If you have a smartphone then you have a portable music player in your pocket, which is probably one of the reasons why the Apple iPod and similar devices have fallen by the wayside in recent years.

But sometimes you don’t want the distractions of a modern, internet-connected device with a touchscreen color display, so there are still some companies selling purpose-built portable music players. Tangara stands out as an unusual device that combines a classic iPod-like design with open source software and an open hardware platform (which means you can build your own or customize the design). After previewing a crowdfunding campaign in December, the developers behind Tangara launched a campaign with Crowd Supply earlier this month and easily surpassed their $10,000 goal. As I’m writing this, more than 300 people have backed the campaign, pledging over $135,000.

The crowdfunding campaign runs through March 14th, and backers can reserve a Tangara device for a pledge of $249. Rewards are expected to ship in mid-September, 2024.

The portable music player is a palm-sized device that’s easy to fit in a pocket, with a 1.8 inch, 160 x 128 pixel color TFT display. You can navigate the on-screen menus using a click-wheel with support for capacitive touch input and two hardware buttons.

Tangara has a 3.5mm audio jack, but it also supports Bluetooth 4.2 audio (SBC codec only), allowing you to use wired or wireless headphones. There’s also support for WiFi 4 and a USB-C port for charging, firmware updates, and other data transfers. It’s powered by a 2,200 mAh battery that the developer say should offer up to 20 hours of audio playback time.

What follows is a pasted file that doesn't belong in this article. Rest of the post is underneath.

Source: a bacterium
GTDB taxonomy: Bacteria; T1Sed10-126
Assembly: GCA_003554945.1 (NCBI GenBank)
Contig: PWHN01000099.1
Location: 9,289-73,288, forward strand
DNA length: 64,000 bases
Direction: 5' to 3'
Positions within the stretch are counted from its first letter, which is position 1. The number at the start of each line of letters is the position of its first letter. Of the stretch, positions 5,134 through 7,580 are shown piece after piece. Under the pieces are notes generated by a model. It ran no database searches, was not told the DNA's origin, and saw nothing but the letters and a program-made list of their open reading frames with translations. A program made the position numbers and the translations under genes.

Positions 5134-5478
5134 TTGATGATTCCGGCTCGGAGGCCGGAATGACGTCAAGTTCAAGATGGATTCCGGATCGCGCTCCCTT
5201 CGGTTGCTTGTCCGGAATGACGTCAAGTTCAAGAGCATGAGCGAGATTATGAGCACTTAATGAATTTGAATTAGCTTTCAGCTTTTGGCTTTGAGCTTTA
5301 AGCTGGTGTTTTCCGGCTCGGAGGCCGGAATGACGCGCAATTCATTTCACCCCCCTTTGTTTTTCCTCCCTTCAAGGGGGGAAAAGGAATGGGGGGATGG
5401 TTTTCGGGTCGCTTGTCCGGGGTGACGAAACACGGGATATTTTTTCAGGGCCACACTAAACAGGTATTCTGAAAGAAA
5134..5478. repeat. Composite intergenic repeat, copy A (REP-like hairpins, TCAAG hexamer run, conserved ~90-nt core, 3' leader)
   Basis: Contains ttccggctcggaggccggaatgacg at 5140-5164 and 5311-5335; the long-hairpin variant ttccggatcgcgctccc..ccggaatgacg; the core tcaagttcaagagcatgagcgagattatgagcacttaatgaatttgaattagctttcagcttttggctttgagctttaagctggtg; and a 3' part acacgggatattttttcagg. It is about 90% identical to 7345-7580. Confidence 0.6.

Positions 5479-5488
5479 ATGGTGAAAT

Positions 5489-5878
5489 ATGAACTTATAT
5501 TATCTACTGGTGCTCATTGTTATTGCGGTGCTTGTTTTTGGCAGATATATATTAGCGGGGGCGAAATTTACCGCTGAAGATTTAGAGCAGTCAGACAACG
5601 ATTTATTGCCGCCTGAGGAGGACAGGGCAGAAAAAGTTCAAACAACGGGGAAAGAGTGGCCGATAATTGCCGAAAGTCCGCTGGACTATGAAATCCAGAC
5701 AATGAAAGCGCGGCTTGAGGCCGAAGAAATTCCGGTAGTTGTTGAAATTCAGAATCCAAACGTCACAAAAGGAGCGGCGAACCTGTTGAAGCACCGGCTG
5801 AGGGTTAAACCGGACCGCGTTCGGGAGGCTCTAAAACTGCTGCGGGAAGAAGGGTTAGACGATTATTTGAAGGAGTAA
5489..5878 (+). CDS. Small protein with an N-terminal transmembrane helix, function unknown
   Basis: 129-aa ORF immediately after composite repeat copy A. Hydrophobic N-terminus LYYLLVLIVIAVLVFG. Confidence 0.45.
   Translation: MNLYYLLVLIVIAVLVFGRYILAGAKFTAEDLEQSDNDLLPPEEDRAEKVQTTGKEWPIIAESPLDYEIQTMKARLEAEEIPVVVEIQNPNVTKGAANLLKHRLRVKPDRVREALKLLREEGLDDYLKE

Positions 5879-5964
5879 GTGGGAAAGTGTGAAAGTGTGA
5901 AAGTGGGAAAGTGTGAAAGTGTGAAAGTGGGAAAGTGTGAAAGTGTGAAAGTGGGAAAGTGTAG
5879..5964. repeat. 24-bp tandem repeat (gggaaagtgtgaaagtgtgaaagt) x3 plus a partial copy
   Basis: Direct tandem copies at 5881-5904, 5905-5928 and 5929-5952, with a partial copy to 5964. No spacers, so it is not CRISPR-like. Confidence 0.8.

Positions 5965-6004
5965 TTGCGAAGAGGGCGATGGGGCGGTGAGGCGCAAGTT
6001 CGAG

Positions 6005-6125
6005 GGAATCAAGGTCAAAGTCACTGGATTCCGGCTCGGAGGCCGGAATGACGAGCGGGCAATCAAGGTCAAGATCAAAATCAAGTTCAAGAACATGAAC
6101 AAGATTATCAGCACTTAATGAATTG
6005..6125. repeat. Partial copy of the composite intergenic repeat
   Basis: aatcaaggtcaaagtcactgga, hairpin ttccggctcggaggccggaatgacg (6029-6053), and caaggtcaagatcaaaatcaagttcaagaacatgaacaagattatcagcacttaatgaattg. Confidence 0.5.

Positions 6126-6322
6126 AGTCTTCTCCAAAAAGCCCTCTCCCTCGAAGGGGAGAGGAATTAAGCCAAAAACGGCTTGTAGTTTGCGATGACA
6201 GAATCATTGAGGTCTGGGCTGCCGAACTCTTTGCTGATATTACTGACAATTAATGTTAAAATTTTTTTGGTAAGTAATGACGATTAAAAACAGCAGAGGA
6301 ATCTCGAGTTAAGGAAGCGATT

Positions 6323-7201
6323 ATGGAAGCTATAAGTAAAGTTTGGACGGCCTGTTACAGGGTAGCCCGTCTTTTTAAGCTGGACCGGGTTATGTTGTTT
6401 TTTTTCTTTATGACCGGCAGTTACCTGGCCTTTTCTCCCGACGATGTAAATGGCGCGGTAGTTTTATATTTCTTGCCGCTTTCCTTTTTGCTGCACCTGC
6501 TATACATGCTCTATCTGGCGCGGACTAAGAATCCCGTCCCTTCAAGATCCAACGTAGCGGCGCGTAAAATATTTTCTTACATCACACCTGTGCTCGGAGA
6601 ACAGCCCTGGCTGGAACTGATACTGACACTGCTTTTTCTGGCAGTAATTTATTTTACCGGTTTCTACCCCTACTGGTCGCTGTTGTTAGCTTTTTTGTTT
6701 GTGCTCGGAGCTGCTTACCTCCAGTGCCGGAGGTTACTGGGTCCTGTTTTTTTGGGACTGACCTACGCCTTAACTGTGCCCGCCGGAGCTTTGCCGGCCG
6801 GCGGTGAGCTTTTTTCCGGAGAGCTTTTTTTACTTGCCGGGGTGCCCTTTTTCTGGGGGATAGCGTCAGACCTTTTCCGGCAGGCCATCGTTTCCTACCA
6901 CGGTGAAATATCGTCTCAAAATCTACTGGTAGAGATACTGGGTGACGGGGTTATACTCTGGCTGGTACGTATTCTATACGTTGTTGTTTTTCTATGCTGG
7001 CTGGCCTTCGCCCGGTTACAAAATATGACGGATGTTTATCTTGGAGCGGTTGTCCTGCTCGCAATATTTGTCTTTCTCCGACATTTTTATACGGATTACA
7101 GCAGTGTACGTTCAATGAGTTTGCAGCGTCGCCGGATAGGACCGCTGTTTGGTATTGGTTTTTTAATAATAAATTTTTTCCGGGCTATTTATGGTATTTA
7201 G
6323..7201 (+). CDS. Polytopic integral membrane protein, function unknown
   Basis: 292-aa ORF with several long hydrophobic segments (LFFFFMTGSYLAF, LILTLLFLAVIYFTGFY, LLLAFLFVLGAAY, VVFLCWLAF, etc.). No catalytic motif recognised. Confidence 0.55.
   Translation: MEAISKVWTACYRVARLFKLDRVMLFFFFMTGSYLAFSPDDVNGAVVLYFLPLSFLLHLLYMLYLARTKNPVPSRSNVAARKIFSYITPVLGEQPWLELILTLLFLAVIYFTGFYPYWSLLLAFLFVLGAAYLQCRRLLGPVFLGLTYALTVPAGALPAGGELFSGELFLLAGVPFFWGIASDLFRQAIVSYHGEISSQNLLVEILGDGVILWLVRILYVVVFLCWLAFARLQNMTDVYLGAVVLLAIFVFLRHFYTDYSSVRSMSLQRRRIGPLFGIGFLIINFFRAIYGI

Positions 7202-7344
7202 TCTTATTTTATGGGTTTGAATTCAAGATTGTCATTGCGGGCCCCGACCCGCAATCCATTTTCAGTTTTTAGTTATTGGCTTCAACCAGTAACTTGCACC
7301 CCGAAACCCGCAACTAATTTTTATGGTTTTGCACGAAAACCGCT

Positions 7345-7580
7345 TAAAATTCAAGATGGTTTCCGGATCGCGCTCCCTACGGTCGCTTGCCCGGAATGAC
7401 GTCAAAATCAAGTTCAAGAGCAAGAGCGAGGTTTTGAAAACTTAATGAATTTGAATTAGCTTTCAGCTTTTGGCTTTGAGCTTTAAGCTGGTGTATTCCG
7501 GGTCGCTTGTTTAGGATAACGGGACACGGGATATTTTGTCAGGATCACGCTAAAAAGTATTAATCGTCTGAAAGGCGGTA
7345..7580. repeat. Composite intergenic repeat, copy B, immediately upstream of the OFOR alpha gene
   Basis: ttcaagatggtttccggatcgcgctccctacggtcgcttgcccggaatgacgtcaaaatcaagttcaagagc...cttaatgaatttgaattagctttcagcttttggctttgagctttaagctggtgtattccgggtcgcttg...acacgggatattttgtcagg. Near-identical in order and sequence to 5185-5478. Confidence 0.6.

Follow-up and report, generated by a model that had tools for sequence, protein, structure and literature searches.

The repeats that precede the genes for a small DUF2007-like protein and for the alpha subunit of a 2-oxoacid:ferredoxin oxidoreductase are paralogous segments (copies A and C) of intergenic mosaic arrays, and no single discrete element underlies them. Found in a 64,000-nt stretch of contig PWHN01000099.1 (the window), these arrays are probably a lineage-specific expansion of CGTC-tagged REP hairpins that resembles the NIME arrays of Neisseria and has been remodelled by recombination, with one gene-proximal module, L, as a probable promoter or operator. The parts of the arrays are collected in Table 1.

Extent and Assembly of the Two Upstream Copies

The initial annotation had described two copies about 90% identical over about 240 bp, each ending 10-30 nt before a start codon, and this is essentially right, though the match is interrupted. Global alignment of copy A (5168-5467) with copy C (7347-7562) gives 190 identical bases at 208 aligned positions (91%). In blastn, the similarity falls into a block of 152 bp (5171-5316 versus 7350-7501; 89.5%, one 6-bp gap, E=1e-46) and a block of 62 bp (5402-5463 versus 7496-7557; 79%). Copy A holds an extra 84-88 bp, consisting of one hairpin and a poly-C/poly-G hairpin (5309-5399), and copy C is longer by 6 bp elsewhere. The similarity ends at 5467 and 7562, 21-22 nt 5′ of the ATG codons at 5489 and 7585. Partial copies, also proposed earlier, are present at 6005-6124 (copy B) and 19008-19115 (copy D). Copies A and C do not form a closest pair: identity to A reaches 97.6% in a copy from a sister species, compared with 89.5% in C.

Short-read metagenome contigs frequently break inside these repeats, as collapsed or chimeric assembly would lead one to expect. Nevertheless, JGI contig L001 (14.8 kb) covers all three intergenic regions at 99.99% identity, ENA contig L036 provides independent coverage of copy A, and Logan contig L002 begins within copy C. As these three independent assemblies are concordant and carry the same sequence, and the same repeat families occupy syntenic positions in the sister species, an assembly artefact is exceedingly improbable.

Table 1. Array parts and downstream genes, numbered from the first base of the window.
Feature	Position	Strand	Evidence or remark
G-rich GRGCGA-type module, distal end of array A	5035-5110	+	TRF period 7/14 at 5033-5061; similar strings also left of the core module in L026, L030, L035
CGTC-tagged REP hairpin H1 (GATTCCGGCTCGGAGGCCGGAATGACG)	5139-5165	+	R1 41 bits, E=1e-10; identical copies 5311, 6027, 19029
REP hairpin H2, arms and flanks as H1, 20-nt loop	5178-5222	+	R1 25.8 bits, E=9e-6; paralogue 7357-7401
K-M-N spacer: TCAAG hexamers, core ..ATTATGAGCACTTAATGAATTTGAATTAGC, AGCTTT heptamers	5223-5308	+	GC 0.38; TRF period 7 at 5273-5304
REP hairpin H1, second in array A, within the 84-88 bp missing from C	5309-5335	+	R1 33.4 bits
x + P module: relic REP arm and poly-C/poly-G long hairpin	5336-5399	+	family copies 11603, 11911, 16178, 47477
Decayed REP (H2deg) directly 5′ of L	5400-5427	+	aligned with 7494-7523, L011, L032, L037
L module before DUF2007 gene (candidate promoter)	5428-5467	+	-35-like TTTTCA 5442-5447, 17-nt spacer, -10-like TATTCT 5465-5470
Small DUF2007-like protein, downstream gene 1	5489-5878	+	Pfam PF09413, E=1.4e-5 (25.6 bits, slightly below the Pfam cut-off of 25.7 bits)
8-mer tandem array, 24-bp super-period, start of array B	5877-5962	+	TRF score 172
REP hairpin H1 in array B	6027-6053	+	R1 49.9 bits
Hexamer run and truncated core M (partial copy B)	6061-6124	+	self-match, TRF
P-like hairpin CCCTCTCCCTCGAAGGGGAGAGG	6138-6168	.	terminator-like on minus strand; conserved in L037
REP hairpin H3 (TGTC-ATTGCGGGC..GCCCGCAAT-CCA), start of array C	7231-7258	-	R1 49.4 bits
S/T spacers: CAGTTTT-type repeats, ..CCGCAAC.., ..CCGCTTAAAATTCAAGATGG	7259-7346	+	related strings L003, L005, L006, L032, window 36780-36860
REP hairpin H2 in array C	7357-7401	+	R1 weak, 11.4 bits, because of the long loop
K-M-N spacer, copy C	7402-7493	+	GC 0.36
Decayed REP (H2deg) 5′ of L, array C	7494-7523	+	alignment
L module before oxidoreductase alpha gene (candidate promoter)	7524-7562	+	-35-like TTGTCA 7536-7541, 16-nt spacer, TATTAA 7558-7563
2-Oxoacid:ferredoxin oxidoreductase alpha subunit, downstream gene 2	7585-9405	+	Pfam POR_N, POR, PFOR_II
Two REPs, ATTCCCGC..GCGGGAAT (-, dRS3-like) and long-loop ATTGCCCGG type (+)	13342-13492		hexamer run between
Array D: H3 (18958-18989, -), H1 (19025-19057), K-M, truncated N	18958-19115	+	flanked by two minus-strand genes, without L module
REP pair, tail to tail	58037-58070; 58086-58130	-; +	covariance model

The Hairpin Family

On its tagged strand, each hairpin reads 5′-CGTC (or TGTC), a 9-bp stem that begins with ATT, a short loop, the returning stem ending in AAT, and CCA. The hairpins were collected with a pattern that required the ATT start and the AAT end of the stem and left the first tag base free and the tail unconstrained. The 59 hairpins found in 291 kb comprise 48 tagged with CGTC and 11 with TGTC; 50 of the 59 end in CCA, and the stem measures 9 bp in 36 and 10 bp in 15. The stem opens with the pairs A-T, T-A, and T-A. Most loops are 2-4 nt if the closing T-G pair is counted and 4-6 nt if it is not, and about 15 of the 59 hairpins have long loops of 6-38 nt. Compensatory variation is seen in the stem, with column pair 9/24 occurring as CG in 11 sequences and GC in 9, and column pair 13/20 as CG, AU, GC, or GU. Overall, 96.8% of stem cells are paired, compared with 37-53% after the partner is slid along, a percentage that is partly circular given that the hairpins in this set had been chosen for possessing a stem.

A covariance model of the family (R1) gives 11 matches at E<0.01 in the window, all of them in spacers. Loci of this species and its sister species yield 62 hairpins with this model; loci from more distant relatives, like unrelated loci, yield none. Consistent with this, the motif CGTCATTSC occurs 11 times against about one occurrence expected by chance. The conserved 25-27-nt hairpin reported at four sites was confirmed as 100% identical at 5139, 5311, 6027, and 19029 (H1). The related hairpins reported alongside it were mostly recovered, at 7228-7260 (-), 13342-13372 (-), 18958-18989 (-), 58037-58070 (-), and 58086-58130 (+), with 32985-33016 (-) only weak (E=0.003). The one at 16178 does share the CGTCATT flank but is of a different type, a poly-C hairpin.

At the heart of the system is a 240 MHz ESP32-based microcontroller, a Cirrus Logic WM8523 digital to analog converter (DAC), and a Texas Instruments INA1620 amplifier. Tangara has just 16MB of internal storage, but features an SDXC card reader for media storage, and supports cards up to 2TB.

There’s no touchscreen display, and this thing isn’t designed to run apps like Spotify or Pandora. It’s made for local audio playback, and Tangara’s open source firmware designed to play MP3, FLAC, Opus, and Vorbis audio, allowing you to listen to music, podcasts, or audiobooks.

While the current firmware supports 16-bit / 44.1 kHz or 48 kHz audio, the DAC supports 24-bit / 192 kHz audio, so it’s possible Tangara’s developers (or independent developers) could add support for higher-quality audio in the future.

via Hacker News and @[email protected]

This article was first published December 19, 2023 and most recently updated February 6, 2024. 

Support Liliputing

Liliputing's primary sources of revenue are advertising and affiliate links (if you click the "Shop" button at the top of the page and buy something on Amazon, for example, we'll get a small commission).

But there are several ways you can support the site directly even if you're using an ad blocker* and hate online shopping.

Contribute to our Patreon campaign


Contribute via PayPal

* If you are using an ad blocker like uBlock Origin and seeing a pop-up message at the bottom of the screen, we have a guide that may help you disable it.

Subscribe to Liliputing via Email

Enter your email address to subscribe to this blog and receive notifications of new posts by email.

Join 9,536 other subscribers

Join the Conversation


Your email address will not be published. Required fields are marked *

This site uses Akismet to reduce spam. Learn how your comment data is processed.

  1. I have a basic Sony mp3 player that sounds fantastic. It cost me only $75, and sounds wayyyyyyyy better than my $200 Ipod 7th gen. I would buy from a reputable company, not some unknown chinese crowd-funded knock-off. Just my opinion.